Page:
Frontotemporal Dementia Caregiver Support Center

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Research Opportunities - Brain Endowment (Donation)

The information on this page is for reference and educational purposes. There is no substitute for seeing a doctor.

Quick Links

Why you need to think about donating your loved one's brain upon death...

Brain donation will provide families with a definite diagnosis. No doctor can fully know an accurate diagnosis until an autopsy is done. A pFTD and their family need to talk about donating the brain to help research to find why FTD is occurring and to find a cure or preventionfor future generations. The pFTDs probably would not want to see their children and grandchildren having to go through this, and most likely neither do you.

Most research centers will take the brain out for no charge, but you need to prepare for that day. You need to have the proper paper work done and everyone who is involved ready. Several of the websites below offer information on how to prepare.

Please think about donating the brain.

Research Centers that can help you

When you have decided to donate find the nearest center to the pFTD. Ask the research center the basic questions. Some of these questions will be answered on their website.

  • Do they provide the removal of the brain free of charge?
  • Do they provide pay for the transportation fees?
  • Do they provide a diagnosis free of charge?
  • What forms need to be filled out?
  • Talk to someone at the brain bank and make sure you know everything they will do when the pFTD passes away. The last thing you need is any hidden surprises.

If you cannot find a research center near you, try contacting some of the larger research centers, such as the Mayo Clinic. Some have research money to pay for the removal of the brain and transportation.


Best FTD Resources

What If It's Not Alzheimer's
© 2003 by Lisa Radin and Gary Radin

Chapter 8
Pages 123-138

Association of Frontotemporal Dementia (Website)

No information was found on this website about this topic.

Pick's Disease Support Group (Website)

University of California, San Francisco (Website)
Family Caregiver Alliance (Website)

No information was found on this website about this topic.

National Institutes of Health (Website)


Other Internet Articles

The Northwestern University in Chicago offers the Brain Endownment program for you to donate your loved one's brain after death. At the bottom of the page are more links about this program.

General Procedures

The link below is to a brochure (pdf format).

Brain Autopsy Brochure (pdf)

From the Mayo Clinic

Brain Donation Information

 Yes, we do accept brain donations from individuals with FTD and other dementias as long as you are willing to sign a release of medical records.  We need the release in order to compare your clinical records with our neuropathologist's findings.  I have attached some more information on our brain donation program.  If you decide to participate, we provide your family with a copy of the autopsy report for their records.  All costs associated with brain donation are paid by our grant.  Please let me know if you have any further questions or are interested in our program.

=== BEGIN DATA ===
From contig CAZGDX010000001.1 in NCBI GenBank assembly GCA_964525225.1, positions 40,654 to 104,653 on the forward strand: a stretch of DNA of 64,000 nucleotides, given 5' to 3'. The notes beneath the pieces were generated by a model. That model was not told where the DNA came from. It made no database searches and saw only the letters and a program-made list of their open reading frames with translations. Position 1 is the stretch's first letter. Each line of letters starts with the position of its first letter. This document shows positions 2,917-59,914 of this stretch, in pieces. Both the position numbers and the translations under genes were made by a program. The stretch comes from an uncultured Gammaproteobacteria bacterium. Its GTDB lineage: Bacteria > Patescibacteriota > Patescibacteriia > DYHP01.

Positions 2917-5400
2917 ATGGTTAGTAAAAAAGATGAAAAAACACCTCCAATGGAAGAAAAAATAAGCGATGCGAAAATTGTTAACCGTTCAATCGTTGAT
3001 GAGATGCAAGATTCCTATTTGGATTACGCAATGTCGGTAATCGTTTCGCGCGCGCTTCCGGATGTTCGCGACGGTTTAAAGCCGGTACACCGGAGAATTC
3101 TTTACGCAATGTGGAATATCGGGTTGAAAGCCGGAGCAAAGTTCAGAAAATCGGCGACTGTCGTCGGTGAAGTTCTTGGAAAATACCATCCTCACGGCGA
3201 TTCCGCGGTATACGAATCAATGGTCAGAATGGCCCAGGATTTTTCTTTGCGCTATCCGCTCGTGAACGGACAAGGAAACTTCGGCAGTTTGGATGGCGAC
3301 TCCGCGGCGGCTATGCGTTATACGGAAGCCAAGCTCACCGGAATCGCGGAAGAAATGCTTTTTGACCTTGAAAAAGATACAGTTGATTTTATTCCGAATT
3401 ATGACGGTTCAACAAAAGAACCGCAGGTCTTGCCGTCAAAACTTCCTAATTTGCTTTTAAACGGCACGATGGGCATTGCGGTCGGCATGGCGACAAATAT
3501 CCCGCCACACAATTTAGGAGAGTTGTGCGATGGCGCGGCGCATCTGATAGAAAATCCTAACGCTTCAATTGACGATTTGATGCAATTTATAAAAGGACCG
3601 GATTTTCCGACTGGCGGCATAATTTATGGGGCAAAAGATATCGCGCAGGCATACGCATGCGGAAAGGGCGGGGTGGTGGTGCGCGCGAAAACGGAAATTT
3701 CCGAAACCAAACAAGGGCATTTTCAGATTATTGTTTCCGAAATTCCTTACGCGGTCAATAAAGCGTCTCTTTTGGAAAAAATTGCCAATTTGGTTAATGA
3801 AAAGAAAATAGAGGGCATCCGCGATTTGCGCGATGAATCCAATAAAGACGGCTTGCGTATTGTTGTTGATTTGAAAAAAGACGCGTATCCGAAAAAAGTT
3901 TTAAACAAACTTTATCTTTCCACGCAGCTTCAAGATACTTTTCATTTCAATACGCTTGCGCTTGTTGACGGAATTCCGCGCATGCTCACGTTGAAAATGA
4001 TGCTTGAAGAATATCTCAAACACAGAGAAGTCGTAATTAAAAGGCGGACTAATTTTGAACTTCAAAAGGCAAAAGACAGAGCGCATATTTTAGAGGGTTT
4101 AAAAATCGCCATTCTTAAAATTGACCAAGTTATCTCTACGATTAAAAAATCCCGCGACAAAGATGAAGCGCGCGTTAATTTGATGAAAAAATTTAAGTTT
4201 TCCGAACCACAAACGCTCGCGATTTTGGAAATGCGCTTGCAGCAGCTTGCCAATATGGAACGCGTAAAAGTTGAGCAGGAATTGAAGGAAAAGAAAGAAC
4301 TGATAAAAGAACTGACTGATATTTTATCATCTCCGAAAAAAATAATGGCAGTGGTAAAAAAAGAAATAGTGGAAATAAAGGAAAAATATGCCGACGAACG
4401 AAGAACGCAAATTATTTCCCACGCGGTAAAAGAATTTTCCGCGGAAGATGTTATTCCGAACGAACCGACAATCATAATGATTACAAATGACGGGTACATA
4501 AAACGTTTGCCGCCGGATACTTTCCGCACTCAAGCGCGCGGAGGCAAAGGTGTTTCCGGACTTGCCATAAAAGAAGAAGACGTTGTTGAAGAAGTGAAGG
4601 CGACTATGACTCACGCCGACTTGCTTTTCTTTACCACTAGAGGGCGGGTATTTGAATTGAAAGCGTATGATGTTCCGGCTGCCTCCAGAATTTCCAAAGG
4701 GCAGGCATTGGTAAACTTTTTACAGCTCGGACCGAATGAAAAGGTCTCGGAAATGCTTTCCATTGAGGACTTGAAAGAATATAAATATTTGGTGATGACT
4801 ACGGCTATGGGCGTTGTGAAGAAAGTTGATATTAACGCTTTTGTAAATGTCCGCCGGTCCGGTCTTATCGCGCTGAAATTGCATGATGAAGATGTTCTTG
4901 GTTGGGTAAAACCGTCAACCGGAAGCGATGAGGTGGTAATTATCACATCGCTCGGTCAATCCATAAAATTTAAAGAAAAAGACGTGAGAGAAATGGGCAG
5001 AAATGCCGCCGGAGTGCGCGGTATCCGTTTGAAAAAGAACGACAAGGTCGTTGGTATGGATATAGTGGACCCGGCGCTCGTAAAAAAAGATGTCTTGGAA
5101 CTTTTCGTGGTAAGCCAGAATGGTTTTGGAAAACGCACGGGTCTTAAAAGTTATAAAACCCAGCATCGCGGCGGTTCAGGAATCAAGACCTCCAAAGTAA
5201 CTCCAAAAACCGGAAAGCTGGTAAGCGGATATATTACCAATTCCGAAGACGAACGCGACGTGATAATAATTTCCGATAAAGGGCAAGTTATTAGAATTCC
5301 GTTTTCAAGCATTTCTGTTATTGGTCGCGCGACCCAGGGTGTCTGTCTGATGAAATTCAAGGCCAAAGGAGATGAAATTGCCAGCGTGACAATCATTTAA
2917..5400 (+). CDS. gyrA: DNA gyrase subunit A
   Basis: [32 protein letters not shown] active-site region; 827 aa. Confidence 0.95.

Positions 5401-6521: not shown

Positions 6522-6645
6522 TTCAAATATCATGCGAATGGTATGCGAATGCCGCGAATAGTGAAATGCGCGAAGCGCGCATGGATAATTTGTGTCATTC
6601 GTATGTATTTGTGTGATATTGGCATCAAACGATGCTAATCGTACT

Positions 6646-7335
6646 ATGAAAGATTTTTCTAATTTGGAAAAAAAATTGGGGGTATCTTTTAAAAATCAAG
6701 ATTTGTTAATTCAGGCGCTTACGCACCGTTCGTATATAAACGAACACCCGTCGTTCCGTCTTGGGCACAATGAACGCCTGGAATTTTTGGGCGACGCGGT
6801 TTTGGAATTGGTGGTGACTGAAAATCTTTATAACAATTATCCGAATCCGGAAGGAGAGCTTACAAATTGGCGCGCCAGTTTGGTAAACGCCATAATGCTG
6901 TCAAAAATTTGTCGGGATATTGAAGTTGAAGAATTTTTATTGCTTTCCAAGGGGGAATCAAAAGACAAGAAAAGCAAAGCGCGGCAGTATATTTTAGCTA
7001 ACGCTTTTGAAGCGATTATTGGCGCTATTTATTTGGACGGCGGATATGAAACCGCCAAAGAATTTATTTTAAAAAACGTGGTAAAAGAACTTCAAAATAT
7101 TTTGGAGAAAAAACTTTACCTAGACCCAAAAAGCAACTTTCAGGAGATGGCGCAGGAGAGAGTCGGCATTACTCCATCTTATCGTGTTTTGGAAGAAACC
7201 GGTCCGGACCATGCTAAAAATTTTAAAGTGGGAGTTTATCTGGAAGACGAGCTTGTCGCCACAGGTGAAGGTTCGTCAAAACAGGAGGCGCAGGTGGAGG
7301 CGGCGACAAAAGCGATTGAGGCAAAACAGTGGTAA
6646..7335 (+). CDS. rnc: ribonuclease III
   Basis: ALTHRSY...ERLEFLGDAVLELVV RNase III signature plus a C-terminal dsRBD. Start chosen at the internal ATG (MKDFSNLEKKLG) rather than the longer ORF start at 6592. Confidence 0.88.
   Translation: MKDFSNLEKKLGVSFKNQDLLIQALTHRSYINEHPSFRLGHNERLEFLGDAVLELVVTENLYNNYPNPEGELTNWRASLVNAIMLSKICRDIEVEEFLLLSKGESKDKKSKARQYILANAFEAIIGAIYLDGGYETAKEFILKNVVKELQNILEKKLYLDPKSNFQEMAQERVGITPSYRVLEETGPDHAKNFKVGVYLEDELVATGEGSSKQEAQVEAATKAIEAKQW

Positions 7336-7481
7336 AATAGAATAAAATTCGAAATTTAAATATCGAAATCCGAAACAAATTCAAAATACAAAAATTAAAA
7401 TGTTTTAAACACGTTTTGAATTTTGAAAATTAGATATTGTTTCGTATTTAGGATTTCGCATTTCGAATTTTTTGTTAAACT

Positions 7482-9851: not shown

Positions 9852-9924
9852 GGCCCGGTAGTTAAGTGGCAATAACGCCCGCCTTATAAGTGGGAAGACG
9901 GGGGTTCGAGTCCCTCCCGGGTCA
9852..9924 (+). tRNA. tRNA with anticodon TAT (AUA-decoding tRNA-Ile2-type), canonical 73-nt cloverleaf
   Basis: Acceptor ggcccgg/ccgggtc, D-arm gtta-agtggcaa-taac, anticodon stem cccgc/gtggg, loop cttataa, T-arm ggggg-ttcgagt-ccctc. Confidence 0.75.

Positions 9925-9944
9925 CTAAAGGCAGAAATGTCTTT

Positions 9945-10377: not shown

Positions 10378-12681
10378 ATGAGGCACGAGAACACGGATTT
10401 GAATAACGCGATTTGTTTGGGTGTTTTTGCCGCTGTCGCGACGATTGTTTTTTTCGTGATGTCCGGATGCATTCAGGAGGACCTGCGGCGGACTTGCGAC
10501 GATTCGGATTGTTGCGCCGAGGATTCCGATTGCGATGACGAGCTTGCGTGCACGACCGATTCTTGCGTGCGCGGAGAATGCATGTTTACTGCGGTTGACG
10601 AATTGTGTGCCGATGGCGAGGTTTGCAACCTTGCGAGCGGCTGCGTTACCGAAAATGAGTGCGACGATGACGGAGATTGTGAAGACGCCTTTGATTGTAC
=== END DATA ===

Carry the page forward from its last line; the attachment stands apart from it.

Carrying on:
Laura Brown
Movement Disorders Clinic
Mayo Clinic Jacksonville
(904) 953-7229

From the University of Alabama in Birmingham Alabama has a Brain Donation Program

The Harvard Brain Tissue Resource Center has been established at McLean Hospital as a centralized resource for the collection and distribution of human brain specimens for brain research. Research over the past decade has shown that the study of human brain tissue is essential to increasing our understanding of how the nervous system functions. Most recently, postmortem human brain research has played a significant role in the development of a genetic test for Huntington's disease as well as a treatment for Parkinson's disease.

The Alzheimer's Society in the United Kingdom offers a great website on research centres for brain tissue donation. It is a very impressive compiled list.


After The Diagnosis

The Brain Behavior Center of the University of Pennsylvania accepts donation from patients who live within a 3-hour drive of Philadelphia.

The Prince of Wales Medical Research Institute accepts brain donations in Australia.

The Department of Psychiatry at the University of Pittsburgh has established a brain tissue bank to which brain tissue can be donated at no expense.

The Taub Institute and Alzheimer’s Disease Research Center at Columbia University and Columbia Presbyterian Medical Center deals with brain donations.

The Silberstein Aging and Dementia Research Center at the New York University School of Medicine will take brain donation only from patients that they have seen.

Boston Unversity School of Medicine's Alzheimer's Disease Center has a brain donation program.

Butler Hospital Memory & Aging Program provides a brain donation.

The National Prion Disease Pathology Surveillance Center provides this web page about doing autopsy for CDJ patients.


The Alzheimer Research Forum website offers this web page about different Brain Banks that will take Alzeheimer's diseased patient. You can call one of them if they are close to you and see if they can help you and your family with doing a donation.


Bob's Moore's gift to science is helping shed light on the mysteries of dementia

+11/16/06 (Heika S.)
The Emory Alzheimer's Disease Research Center does do brain autopsys for
research purposes.  Information is available:

+11/16/06 ()

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